The Algona Upper Des Moines from Algona, Iowa on November 1, 1899 · Page 4
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The Algona Upper Des Moines from Algona, Iowa · Page 4

Algona, Iowa
Issue Date:
Wednesday, November 1, 1899
Page 4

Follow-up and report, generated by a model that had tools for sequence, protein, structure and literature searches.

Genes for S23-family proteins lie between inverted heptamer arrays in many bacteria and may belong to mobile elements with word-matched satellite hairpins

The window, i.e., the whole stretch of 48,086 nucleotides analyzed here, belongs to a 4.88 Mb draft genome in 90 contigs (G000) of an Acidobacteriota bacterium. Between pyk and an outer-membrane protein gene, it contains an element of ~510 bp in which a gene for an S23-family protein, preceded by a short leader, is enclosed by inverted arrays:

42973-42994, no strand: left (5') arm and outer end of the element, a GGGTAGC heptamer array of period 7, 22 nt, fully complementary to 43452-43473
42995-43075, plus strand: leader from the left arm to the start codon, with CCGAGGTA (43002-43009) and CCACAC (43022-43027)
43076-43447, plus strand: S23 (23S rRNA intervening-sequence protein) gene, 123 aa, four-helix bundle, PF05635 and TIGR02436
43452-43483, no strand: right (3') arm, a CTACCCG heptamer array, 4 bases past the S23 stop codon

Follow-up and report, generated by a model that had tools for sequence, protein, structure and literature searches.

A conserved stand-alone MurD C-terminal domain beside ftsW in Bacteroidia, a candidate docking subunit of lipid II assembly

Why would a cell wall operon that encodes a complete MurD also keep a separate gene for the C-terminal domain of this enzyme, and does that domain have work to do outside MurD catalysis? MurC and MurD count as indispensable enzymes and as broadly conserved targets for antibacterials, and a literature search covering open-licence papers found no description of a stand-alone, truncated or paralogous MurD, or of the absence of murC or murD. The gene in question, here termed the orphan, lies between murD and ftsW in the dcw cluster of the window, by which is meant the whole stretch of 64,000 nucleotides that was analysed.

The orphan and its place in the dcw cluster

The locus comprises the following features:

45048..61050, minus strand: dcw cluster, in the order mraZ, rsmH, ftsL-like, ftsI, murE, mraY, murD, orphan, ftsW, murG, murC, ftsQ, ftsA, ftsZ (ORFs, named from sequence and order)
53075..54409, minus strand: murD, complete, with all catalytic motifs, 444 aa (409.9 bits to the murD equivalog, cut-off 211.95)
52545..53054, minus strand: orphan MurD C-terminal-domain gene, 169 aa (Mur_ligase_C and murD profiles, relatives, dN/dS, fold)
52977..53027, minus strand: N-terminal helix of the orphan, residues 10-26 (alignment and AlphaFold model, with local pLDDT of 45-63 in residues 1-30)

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sw* 1 ' 1 .; tlPPJEB MO1NE8J ALGQNA, IOWA,- WEDNESDAY, NOVEMBER 1, 1899. Special Offerings in High Grade Merchandise. Ladies' and Children's Underwear. c. Cold weather is bound to come, and now is the time to buy. your Underwear. Lot ri^sizes 16 to 34—begin with 5 cents each for 16 fine fleeced ribbed goods, strong and nice for winter. Just stop and think of the prices—-begin at 5c Millinery Department. We invite you to share in our distinct millinery triumph. Never such selling and never have we had the praise for our millinery. We have astonished the trade, and in every detail, material and workmanship, our goods speak for themselves. Irrepressible Values in New Fall Dress Goods. The heat of last week did not stop the buyers. Shrewd shoppers were oft hand, for well they knew that a cold day is not far off. In our wool remnants one can find just what is wanted for a waist or a skirt at % to }4 the price cheap and good dresses can be made for children. Outing Flannels. Last March, while east, I bought two cases Amoskeag Outing from the big Columbus fire, the choicest patterns ever shown here, and such a stack of them! We are also selling a big lot at 5c—nice for children. JfVS. Tf\YLOR'S. a and uncil stop •mits wh» ir, a gal- incil fc given ^flt will *w, Con- Jier dig- f the recep- different leave , their re' pressure the mill- out the lection i been nty to THIHTY-FOURTH YEAR. BY 1NGHA.M A WARRBN. Terms to Subscribers. One copy, one year 11.5 One copy, six months 7 One copy, tbree months 4 Sent to any address at above rates. Remit by draft, money order, or express or der at our risk. Bates of advertising sent on application. TEN PAGES. The Republican Ticket. STATE. Governor Leslie M. Shaw Lieutenant Governor J. G. Minima: Supreme Judge J.C. Sherwl' State Superintendent .. R. C. Barret Railroad Commissioner E. A. Dawso' SENATORIAL. Senator, 47th district E. W. Bachmai COUNTY. Representative Gardner Cowle Treasurer John H. Warr Sheriff L. M. Owe; Superintendent F. H. Slagl Coroner Dr. W. T.Peter Surveyor A. J. Llll; Biinarvtanra J John G. Smlt! Supervisors 1 M. Welsbrod. For Ward and Owens. The only question in local politics i whether the republicans are going t vote for Mr. Ward and Mr. Owens From what it can learn THE UPPER DES MOINES does not believe that tbi is much of a question, as the report from all parts of the county indicat that the straight ticket is going to be very generally endorsed. Still th democrats are making a vigorous effor to get republicans to support Mr. Smitl and Mr. Christensen. THE UPPER DES MOINES feels very friendly to both of these men, but it hopes that the, will not succeed. They have been gen erously treated already, much mor generously than they themselves wouli have treated their political opponents Besides the campaign for them is being largely made in a way to humiliate Mr Ward and Mr. Owens. THE UPPER DES MOINES knows both of the repub lioan candidates and has known them many years, and it knows them to 1> honorable, competent, and deservinj men, and it has no hesitation in guar anteeing in advance that if they are elected the county will get the same good service it has always had. The report is being industriously cir oulated over the county that Algona i going to cut the republican ticket ser iously. THE UPPER DES MOINES can find no signs of it. It would be such bad policy at this time especially tha we do not believe that any persona friendship for Mr. Smith or Mr. Chris tensen will influence the result. Algo ua's normal school interests are such that the town could not afford, if it hac only a selfish motive, to attract un friendly attention by a big bolt. It wil want the assistance in the legislature of Tbos, A. Way, Dr. Baohman, and Mr. Barringer, the two first of whom live near the county line and feel a friendly interest in our county ticket. It will want the support of the leading men of the other towns in the county, who will not feel pleased to have the county seat vote for democrats who happen to have a better personal acquaintance, against republicans who have been nominated from the outside. It will want the support of the republicans of the state who generally do not look with favor upon towns whose votes are cast along personal rather than political lines, and which cannot be relied upon to support a ticket of good men fairly nominated. THE UPPER DES MOINES has beard of no movement among republicans in Algona to support the democratic nominees, does not know of ft single republican who intends to vote for them, and does not believe that the county seat is going to revive the old animosities by proving that it cannot he relied upon to stand squarely by candidates nominated from the outside towns. Tfce election of the county ticket BQmeUmes aeema to. be purely a local 1 al m PeUflWl ,Sigpifioance, general republican majority is also dut. If it were not for this very many would feel free to consult their personal friendship in casting their ballots. But as it is the election of treasurer and sheriff is part of the election of Gov. Shaw, and indirectly part of the endorsement of President McKinley. This is a good year to cast a straight ballot. If Mr. Smith and Mr. Christensen, both good men, choose to stand with Mr. Bryan for free silver and hauling down the flag Dewey hoisted at Manila, they are entitled to the endorsement of all who want to see Bryan win. On the other hand if Mr. Ward and Mr. Owens, both good men, choose to stand by our present financial system and for the results of the war, they are entitled to receive the endorsement of all who want to see President McKinley re-elected next year by the biggest majority ever given to a candidate for the white house. The County Ticket. While attention in the local campaign has been largely monopolized by the contest over a few offices the voters must not overlook the fact that the republican ticket from top to bottom is an exceptionally good one. In Frank Slaglefor superintendent!! hasayoung man of fine education and long and successful experience as a teacher, one also who was born in the county am who is a considerable property holder For surveyor it has A. J. Lilly, who is known in this and many adjoining counties as an expert civil engineer For coroner it has Dr. W. T. Peters o Burt, who is not only one of the mos successful practicing physicians in th( county, but also a genial man and i long-time resident. For supervisors i has John G. Smith, who has given i great deal of time arid attention to the county work, and who being located a the county seat is in position to be an especially valuable member of th board, and Mike Weisbrod of Fenton one of the most successful farmers in the county, a shrewd business man and an active board member. It is a good ticket, it was nominated fairly, and i deserves the vote of every republican in the county. leakages are plugged and (extravagances lopped off. We believe that no county in the state will send a representative to Des Moines this winter who will in all ways more adequately represent its interests, and we hope that the voters will show their encouragement at the outset by giving him a majority that his brother members will envy. Gardner Oowles' Candidacy. Gardner Cowles has demonstrated ir this campaign all the qualifications foi the legislature which his friends pro dieted when they urged his nomination in the county convention. He has made a thorough canvass of the county, got ten acquainted with the people, proved himself to be a clear headed and effect ive speaker, left a favorable impression everywhere, and will go to Des Moines with the friendly assurance that his constituents have confidence in his ability, his willingness to work, his dis cretion, and his devotion to any cause he undertakes. THE UPPER DES MOINES has already commended Mr. Cowles so heartily to the voters of the county that it finds little to add in this last issue before the polls close. ' It believes that he should be elected by very unanimous vote, the larger the better in view of the normal school matter, in which the county has an interest, as well as for political reasons. The campaign has made everybody in /he county acquainted with Mr. Cowles as Algona has heretofore been acquainted with him. The same spirit of enterprise he has shown here be will show in Des Moines, and the same desire to have everything he is connected with managed on a broad and business like basis will make himaleg- slator of great value to the state. It s pot necessary to recount now the many public enterprises in Algona which owe much of their real value to lie liberality as well as to his capacity o take caro of details and to insist up>n having things right instead of about igbt, As a legislator Mr. Cowles will ee that Iowa does business op a scale to Iowa's reputation, while lington, whp could manage a ajjd keep ^ w ^ 9 J tbe«amp The Fundamental Principle. A great many people have had difficulty in this campaign in interpreting the "consent of the governed" phrase in the declaration of independence. It is because they have not read it in connection with that other phrase which declares that governments are instituted for the benefit of the governed. This latter declaration amounts, to saying that barbarism cannot maintain itself on the plea of self government, and states what is after all the fundamental principle of all government—the recognition in society of the great law of nature that the fittest must and ought to survive.How many times in out-national history has this country ridden rough shod over what has been called self government, in the interests of good government. It has squelched polygamy with an iron hand, and will unseat a duly and legally elected representative of a duly and legally organized state because his daily life offends the moral sense of the nation. It shot slavery to death and put half of the original organizers of the republic under military rule, because in the evolution of human affairs it had become a question whether right should triumph or the slave holder should do as he pleased. It has driven the Indians from pillar to post, divided Mexico, deprived the Chinese of any right to citizenship, adopted all sorts of restrictions upon suffrage, and everywhere emphasized the fact that good government must prevail, and that no man can by consenting to bad government thereby-thwart the onward march 01 human progress. The whole theory of our law is that rights of all kinds are secondary to the one universal right of society to the best. The parent's right to his children is the most sacred personal right there is. And yet at every term of court held in this free country children are taken from their parents because their own best .interests and the interests of society are more sacred. By consenting that his children shall grow up in ignorance and squalor man cannot claim the right to become a stumbling block to social progress by consenting that his property shall become a nuisance and a breeding place of disease a man cannot claim the right to endanger the health and comfort of the community. By consenting to barbarous laws and customs or by refusing to consent to the establishment of good laws and customs no people can claim the right to stand, on the plea of self government, and permanently impede the great natural order which requires everything and everybody from the mollusk to the highest civilized state to keep up with the procession or drop out and be submerged. The same right that exists in society to prevent a man irom setting fire to a building because it happens to be on his own land or to accumulate filth and disease germs because he personally is better pleased to live in such surroundings exists to prevent any body of men anywhere from maintaining barbarism and calling it a government, and any interpretation of the "consent of the gov erned" which is not made with this great truth in full view, is an interpretation which contradicts the laws of nature, our own ideas of right and justice, and the whole history of the prog- 'ess of the world, Shall we concede that because the Indian has persistent- y and vigorously refused to adopt oiv- lization and bad, a tribal government before the white man came, that the ndian has been wrongfujty should exist on American soil? Shall we concede that the highest question involved in slavery was whether the south would consent to fretidbm? If we do not concede these things we are under no obligation to concede anywhere or at any time that barbarism can intrench itself either by priority of possession or by any other method in any corner of the globe, and can appea. to the judgment of mankind, when tho issue comes, and insist that it shall be let alone because governments get their just powers from the consent of the governed. The only question that is worth while to discuss in any grea issue between peoples or between con flicting theories is which ought to pre vail. No prescriptive right can be se up against this one vital question. The human mind is so constituted that no logical cobwebs or narrow interpreta lions can long dim its vision to the one great fundamental, natural, social anc moral law it suggests. The progress o the world hinges upon its answer. The peoples which are vital and dominan are those which have seen it mos clearly, and have conformed to the tes it prescribes most completely. So long as one vital and dominant race remains all the consent of all the earth canno sustain barbarism, whether it be bar barism in the government of some fai off island or in the south of Africa 01 barbarism in the heart of civilized society. ____^_____ IN THIS NEIGHBOKHOOD. ii see to, i| tnalji we concede , r||bt tQ voi§ •& the Mgrasfl polypw^ H. C. Shadbolt of Emraotsburtf was elected treasurer of the state Musoni Chapter at Red Oak. Thos. A. Way and T. A. Potter offei to put in a local telephone exchange a Crystal Lake and 'phones for $8 anc (RIO «5U A. Duck hunting on Medium lake about Erametsburg is the best it has been foi years. Most every hunter,-with aim anything like accurate, never fails to pull down a nice string. Tho Tribune says even the Sunday hunters are hav ing good luck. The Britt News tells a big story. R S. Briokey with a Spencer repeating shot gun, killed six mallard ducks oui of one drove as they passed over him. The ducks were driven out of a pond by Charley Graham so they would have to pass over Briokey. They were killed at six shots, selecting a single bird each shot. The B., C. R, & N, and the C. & N. W. are engaged in a merry war ovei the Maple Hill postofHce in Emmet county. Each has a station near the junction and each has named the station Maple Hill. Of course each claims the postoffice and everything is being done to secure the good will of department officials in re-locating the office. The case arising out of a deal at Clear Lake wherein Will F. Carter's father, well known in Algona, was sued for trading a poor piece of land for a stock of goods, has been tried again at Mason City. The plaintiff gets judgment for $2,374 against Carter. At the the first trial he got $2,391. Carter will ask for another new trial and if re fused will appeal. Jay. E.Randall welcomes CarlSetch ell in the Whittemore Champion: We congratulate Carl on his safe return, and knowing him as we do, we believe that the honors heaped upon his head will not cause it to swell. Hurrah for Carl. But just wait until Sophus Richards comes home to Whittemore and then if there isn't some Hobsonizing, it will be because Whittemore girls don't know how. Lavina Fitzgerald, a nine-year-old, was found at a country school house near Manson last week with her body hanging out of the window and her neck under the sash. She had started for home the previous night, but discovered that she had forgotten some books. She returned to get them and finding the door looked, attempted to jet Jn through the window. The heavy sash fell on her neck and the child Strangled to death. A HAND SHOT OFF, A GUR Explode* |n jlVfywi JJIJj's HanUs-Will l-oee Two Fingers, Myron Hill, J. L. Moore's step-son, took an old gun Monday and went to he river below the mill to shoot. He lad |n only a small charge of powder, hut it blew the gup,barrel out- At ' Myrpp did not notice that &e was i>urt, b«t began (Q pick up (he pieces of the gun. Then his right hand be gan to sting and he looked at it anc saw that the little finger and the thirc were both gone. His first thought was that he might faint and not be found, so he grabbed his wrist and ran for the mill. After he got there be walked and so got homo, when the doctor was called. The explosion had carriec away nearly half of his hatid and badly torn his middle finger, buthe will prob ably save that. He showed splendid nerve in walking a couple of miles with such a wound. Why Gen. Weaver Bolted. Senator Punk recalls a chapter o Iowa political history that is of loca interest in view of. Gen. Weaver's re cent visit: For a generation Gen. J. B. Weave has been a conspicuous character in Iowa politics. He came out of thecivi war with a fine military record. He made substantial growth at the bar Brilliant, magnetic and eloquent, he rapidly rose in political councils anc gave promise of a career of eminence and usefulness in the public service. In 1875 he appeared before a republi can state convention in Des Moines as a candidate for governor. John Rus sell, John H. Gear, Robert Smythe and W. B. Wakefleld were also in the lis of candidates. It was apparent tha Weaver was in the lead and practicallj sure of a nomination. The general wa' a pronounced prohibitionist. Prohi hi tion was not yet an accepted article of republican faith, and the party in large part was loth to give it prestige in party councils. This is an explana tion of a convention coup that changed the current of political history. Aftei the gentlemen whose names appeal above had been presented to the con venliou, an Audubon delegate of com raanding presence and sonorous voice arose to place in nomination Samuel J Kirkwood, the popular war governor Kirkwood was not a candidate. He wanted to be senator, but did not wan to be governor; in fact he had given orders that his name should not be used in this connection. Therefore when the nomination was made, the question properly sprung was: By what authority? Rising: to his ful stature and shaking his flowing beard Dr. Ballard shouted, " By the author ity of the great republican party of the state of Iowa." It was a bold bluff bu' it worked. The convention went off its feet. Gear and Russell got in out o: the storm. In spite of the stampede Weaver got a good vote on the informal ballot, but the Kirk wood band-wagon was loaded to the guards on the first formal. It was for some months believed that Gen. Weaver would not take his defeat so seriously as to disturb his party affiliations. He had been a republican of the most enthusiastic character. By no other speaker in the state had the opposition been so unmercifully cudgeled, or the majority so unreservedly endorsed. There really seemed nowhere for the general to go. But his wounds were deep and his nature implacable. After sulking in his tent foi a few months, he went out to get satisfaction, He made a great deal ol trouble for his old party. Every issue arising with any sort of promise of popular endorsement the general has championed 1 with all his power of eloquence and logic. He has been against every republican theory of government every republican policy of administra tion. Two terms in congress has been his reward for more than 20 years oi bitter opposition. The end will soon come, Those who hear Gen. Weaver in this campaign are aware that his political record will soon be made up. The general should have been nom inated in 1875. He was unjustly treated when the cup of .triumph wasdashed from his very lips by the springing oi Kirkwood upon the convention. But In this act of injustice is found no justification for turning his back upon the convictions of his mature manhood. Had he remained true no combination >f circumstances or politicians could save kept him out of the governorship aad he continued to want it.. It is almost a certainly that he would been in ihe United States senate many years ago. Instead of employing his really great ability in " making the poorer leem the better reason," he would have been a potent factor in shaping state and national policies that have been making history for two decades. It was a dark day for Gen, Weaver—as it jas been for any good man—when he hi S political convictions on he altar of revenge. A Brave Koesuth Boy. Wm. Pugh of Germania went to Fort )pdge Wednesday, where he re-enlist- id in the regular army, I0th regiment J. S. infantry, and will depart lor Des Soloes, from thence Ije will soon leave «r t,be Philippines,. THE MONTH'S MAGAZINES. No recent magazine papers have attracted so much attention, afforded so much entertainment, and created snch lively and widespread discussions, ns Rollin Lynde Hartt's Atlantic essays, "The Montan- ian8"and"A New England Hill Town." In his new article, "The Ohioans" In the November Atlantic, Mr. Hartt carries his characteristic method into a new and prolific and widely interesting field: and his pictures of the Buckeye state and of the Buckeyes at home and abroad will be eagerly read and enjoyed, even by those who recognize themselves as the subjects of his good natured satire and his keen and amusing characterization. Mr. Hartt's methods of observation are not superficial, and his treatment, while distinctly facetious, is not flippant. -f- -*--*St. Nicholas for November, beginning a new volume, is a number of unusually varied interest, not the least striking of its contents being the announcement of the St. Nicholas League, with its motto, "Live to Learn and Learn to Live," its conditions of membership, and the prizes it offers in competition. The frontispiece by Jay Ham- bldge illustrates a true story by Ian Maclaren of the rescue of a horse by one of his father's farmhands at the expense of the gallant rescuer's own life. -*- -4- -t- Perhaps the handsomest number of the Century magazine ever issued is that which bears date November, 1899. The cover design includes a portrait of Cromwell redrawn on stone by Ernest Haskell and printed in four tints; while the frontispiece—also in tints—is a wood engraving by T. Johnson from Cooper's painting of the Protector in Sidney Sussex college, Cambridge. The experiment in color printing is not confined to these two portraits, nor to the illustrations in the opening installment of John Morley's study of Crom well; it extends also to the striking full- page and half-page drawings and marginal sketches with which Seton Thompson sup plements the work of his pen In narrating the first part of "The Biography of a Grizzly." -5- -j- -f- President Hadley of Yale college, one of the best known authorities on the subject in the United States, writes an article of the most timely interest in the November Scribner's on '"The Formation and Control of Trusts." He gives a very clear statement of the motives and conditions that lead to their organization, and points out with reassuring emphasis some of the causes that are already tending toward their limitation as mere speculative enterprises. He believes that the question of state ownership or control will become less and less acute as a political Issue. H. H. BiiBli Visits Alttona. Garner Signal: We had the pleasure of attending Algona's first republican rally of the campaign last Saturday to hear Congressman Cousins and renew old acquaintances. We found that time had dealt gently with a good many of the old settlers whom we met for the first time in Algona 80 years ago. We found Capt. Ingham, John G. Smith, Ambrose Call, Lew Smith, Geo. E. Clarke, Dave Haggard, Andy Clarke and others ot the old timers with a few more gray hairs, but just as happy and generous as when we first met them. In the years ago when there was only one road in northern Iowa which led to our political Rome, we used to delight in traveling that road via Algona and join the Algona politicians. We found the younger men who are now in the political swim "chips off the old block," willing and able to keep the republican principles to the front in Kossuth county. Algona has become a beautiful little city and for good looks is hard to beat. New buildings and public improvements are the order of the day. Her new $40,000 hotel is nearly finished and will fill a long felt want, while her new churches and school building are the pride of every Algonian. Bro. Hinchon of the Courier seemed to be the only anti-expansionist in Algona. A Deserving Veteran. John Grotness of Ledyard was wounded three times at the battle of El Caney, July 1. His left arm is totally disabled, two balls having entered it near the shoulder. He is now receiving $17 per month pension, - Ole Brucke It is reported by eastern papers that O. O. Braoke has been arrested again for -paying too mueh attention to Helen Gould. ____________ SEND 60 in postage to L,afe Young, Des Moines, Iowa, and receive the Weekly Capital campaign edition until the November election, 1899. BEAUTIFUL women everywhere owe iheir matchless loveliness to the use of Rooky Mountain, Tea. Plain women wade attractive. B. H. Miller, 6d to tot the 1 ivhicb t omi- by a 2outa orted Bt a d in;61 of ' the "and itcd The roin not lee, ay, •om •om •er's ded ige- ais- rht. illcb W 1 fno- ital 'der 3 of ;ish ug- vve JW • Ipntal (f.suid |J3om- i moved . p* con. jght B.", v CUt aped Ifljei- iKfor alto